Provided Osaka could get passed this and help a casino operator secure all of the necessary paperwork, there is still another issue. There are rumors that the Casino Control Commission will not be ready to start its operations has initially planned. Initially expected to be established in June, it now looks like it won’t be ready until next February.

If that’s the case, the selection process for host cities wouldn’t even begin until the latter half of next year. The delay resulted in Praveen Choudhary of Morgan Stanley to assert, “Osaka will not open its casino before the World Expo. It is impossible to open before 2025. The reason is not that Osaka isn’t doing everything it can, but there are several regulatory processes that need to be signed before they can even start, so time is very much against them.”

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Warren's opioids message applauded in hard-hit West Virginia


Democratic presidential candidate Elizabeth Warren’s plan to battle the nation’s drug addiction problem drew an enthusiastic response Friday in a small West Virginia community waging its own fight against opioid abuse.

Warren outlined her idea to tax the wealthiest Americans and deliver sorely needed funding directly to hard-hit communities.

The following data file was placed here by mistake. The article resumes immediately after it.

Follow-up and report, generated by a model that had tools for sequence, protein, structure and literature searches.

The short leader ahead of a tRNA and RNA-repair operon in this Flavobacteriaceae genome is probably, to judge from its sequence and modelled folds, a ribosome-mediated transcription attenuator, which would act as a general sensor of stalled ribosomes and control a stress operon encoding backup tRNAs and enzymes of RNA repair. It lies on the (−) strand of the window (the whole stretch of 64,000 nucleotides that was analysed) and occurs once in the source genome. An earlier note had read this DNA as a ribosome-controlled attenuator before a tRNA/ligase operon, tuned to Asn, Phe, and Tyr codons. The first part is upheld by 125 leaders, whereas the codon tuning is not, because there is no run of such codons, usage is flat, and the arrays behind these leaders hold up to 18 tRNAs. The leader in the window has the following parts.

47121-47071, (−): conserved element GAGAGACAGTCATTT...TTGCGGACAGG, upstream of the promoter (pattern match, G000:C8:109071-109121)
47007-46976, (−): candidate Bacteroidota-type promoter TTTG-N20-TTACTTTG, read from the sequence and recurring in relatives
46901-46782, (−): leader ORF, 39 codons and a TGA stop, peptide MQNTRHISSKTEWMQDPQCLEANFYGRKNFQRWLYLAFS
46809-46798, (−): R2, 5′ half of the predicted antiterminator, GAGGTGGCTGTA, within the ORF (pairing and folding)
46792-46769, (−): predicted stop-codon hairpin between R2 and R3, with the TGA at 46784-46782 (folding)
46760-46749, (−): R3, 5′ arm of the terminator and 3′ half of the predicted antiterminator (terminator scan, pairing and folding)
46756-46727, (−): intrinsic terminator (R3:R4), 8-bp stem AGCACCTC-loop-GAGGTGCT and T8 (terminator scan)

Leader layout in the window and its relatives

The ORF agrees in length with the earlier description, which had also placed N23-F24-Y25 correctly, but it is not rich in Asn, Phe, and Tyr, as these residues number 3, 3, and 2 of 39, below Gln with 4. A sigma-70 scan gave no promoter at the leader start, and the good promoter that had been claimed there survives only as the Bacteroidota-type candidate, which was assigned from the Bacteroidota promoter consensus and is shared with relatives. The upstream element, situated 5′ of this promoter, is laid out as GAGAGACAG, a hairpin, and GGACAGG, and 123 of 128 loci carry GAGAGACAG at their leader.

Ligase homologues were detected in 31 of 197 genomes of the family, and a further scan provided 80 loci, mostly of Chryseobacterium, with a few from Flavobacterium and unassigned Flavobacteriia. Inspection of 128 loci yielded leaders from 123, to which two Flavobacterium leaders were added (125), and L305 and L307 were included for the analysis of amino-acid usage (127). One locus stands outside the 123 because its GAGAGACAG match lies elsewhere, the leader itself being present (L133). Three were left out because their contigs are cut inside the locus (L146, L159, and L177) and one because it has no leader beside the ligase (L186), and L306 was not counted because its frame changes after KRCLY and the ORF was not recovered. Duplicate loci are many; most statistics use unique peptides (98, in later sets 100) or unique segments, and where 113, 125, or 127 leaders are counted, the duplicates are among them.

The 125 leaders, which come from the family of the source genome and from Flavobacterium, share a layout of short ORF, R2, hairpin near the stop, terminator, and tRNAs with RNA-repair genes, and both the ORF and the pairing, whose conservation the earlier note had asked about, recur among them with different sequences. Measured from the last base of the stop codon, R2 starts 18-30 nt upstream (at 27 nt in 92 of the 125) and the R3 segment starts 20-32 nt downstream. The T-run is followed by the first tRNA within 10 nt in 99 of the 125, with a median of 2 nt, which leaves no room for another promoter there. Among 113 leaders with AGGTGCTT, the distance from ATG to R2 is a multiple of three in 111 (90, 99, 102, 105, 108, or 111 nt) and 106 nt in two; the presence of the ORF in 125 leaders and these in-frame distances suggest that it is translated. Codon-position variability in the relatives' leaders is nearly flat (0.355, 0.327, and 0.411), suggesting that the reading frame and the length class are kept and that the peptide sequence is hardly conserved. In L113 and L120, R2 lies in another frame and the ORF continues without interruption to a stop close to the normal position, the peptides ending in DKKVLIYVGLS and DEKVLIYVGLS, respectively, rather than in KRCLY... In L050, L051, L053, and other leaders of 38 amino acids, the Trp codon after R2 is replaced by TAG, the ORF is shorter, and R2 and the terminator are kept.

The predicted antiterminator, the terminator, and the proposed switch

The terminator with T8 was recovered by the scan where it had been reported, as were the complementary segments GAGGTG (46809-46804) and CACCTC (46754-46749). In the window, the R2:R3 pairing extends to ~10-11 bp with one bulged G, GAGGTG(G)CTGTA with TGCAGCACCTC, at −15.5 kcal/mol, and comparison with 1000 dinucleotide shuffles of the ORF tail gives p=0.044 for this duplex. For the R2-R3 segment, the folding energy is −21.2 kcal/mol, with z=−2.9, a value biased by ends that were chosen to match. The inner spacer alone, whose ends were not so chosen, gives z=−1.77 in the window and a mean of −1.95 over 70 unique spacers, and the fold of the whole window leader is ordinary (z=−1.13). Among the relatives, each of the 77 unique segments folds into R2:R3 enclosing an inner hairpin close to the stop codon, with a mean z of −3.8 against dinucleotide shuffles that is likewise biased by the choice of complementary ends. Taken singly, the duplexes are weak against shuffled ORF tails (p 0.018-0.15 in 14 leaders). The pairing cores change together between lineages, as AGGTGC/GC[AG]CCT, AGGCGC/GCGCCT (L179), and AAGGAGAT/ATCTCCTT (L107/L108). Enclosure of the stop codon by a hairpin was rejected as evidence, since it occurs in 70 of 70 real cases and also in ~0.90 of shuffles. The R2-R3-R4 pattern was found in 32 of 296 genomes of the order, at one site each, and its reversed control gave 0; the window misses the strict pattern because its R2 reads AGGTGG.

The Massachusetts senator is proposing to spend $100 billion over 10 years on battling addiction. Her plan is for a 2% tax on those making $50 million or more “so everybody else has a chance to make it.”

“I’m tired of freeloading billionaires,” Warren said to loud applause from a crowd of about 150 people at the volunteer fire station in Kermit along the Kentucky border.

President Donald Trump carried West Virginia by 42 points in 2016. But the state has by far the nation’s highest death rate from prescriptions drugs, and Warren is hoping that reality will help her message resonate with people who may otherwise be skeptical of her brand of politics. At a time when many in the party are debating how to court rural voters, Warren’s trip could give her an opportunity to demonstrate an ability to connect with voters beyond the party’s traditional liberal base.

Among those listening intently were Kermit physician Dr. J.W. Endicott and town Fire Chief Tommy Preece, who lost a brother to a drug overdose.

Preece said he was surprised Warren chose to visit Kermit because “she’s coming right into the middle of Trump country.”

Endicott, whose biggest frustration as a physician in a rural area is not having enough drug treatment facilities, said Warren’s message “is a big deal for us, a big deal nationally.”

Warren said her proposal would bypass state governments and send federal funding directly to communities whose leaders would determine how it is used.

“The money needs to be here in Kermit and in towns and on reservations across this nation that are on the front lines in the battle,” Warren said. “We don’t need it tangled up in more politics. We need this money to go straight to the people who are dealing with the crisis every hour of every day.”